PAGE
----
February 27, 2018
DisabilityScoop.org reports on a University of Illinois study that finds few parents planning sufficiently for their disabled children.
A survey of nearly 400 parents of children ages 3 to 68 revealed only 3.6 percent of parents had fully planned, 32 percent had done a moderate amount of preparation, and 12 percent had taken no action.
The biggest reason cited for incomplete planning was a lack of residential, employment, and recreational services. Other major factors included the hectic day-to-day life as a parent of a special needs child, lack of information, and the daunting task of figuring out where and under what circumstances a grown child will live without the parents.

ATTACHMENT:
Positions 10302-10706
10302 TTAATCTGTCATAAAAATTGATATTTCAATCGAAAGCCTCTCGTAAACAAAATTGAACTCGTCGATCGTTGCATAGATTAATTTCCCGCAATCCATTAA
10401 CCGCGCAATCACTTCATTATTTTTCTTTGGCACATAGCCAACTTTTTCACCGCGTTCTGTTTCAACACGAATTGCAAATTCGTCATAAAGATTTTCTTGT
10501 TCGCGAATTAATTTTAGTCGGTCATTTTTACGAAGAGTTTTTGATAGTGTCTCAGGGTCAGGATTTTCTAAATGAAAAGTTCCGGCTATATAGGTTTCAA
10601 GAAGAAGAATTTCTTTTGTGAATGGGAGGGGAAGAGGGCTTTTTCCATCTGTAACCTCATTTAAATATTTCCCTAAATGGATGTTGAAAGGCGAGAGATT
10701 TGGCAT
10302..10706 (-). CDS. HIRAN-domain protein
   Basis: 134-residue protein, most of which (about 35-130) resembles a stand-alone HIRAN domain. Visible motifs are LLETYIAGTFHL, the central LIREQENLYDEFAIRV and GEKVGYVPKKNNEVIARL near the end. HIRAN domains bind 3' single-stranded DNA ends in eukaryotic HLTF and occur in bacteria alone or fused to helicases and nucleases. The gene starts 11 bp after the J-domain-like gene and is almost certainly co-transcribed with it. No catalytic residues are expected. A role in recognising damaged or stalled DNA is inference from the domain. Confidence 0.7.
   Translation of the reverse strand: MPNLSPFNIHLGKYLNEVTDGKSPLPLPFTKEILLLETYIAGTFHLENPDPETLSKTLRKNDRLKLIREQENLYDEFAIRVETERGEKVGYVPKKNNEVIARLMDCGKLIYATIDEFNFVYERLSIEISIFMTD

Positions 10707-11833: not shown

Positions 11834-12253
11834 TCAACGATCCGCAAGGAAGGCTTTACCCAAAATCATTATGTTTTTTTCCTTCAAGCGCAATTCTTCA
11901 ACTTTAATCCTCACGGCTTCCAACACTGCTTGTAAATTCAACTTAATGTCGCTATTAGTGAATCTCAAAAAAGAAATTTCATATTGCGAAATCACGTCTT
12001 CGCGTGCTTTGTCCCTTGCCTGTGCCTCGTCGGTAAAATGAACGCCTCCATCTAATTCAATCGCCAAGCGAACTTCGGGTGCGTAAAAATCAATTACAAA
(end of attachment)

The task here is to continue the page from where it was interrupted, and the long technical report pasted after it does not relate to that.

The most commonly taken step according to the survey was locating a knowledgeable special needs attorney. Other important steps parents should take or consider, depending upon the child, are writing a letter of intent describing protocols and routines for care, establishing a special-needs trust, establishing legal guardianship, creating powers of attorney for the parents, and securing a residential placement.
The study will be published in the April edition of the journal Intellectual and Developmental Disabilities.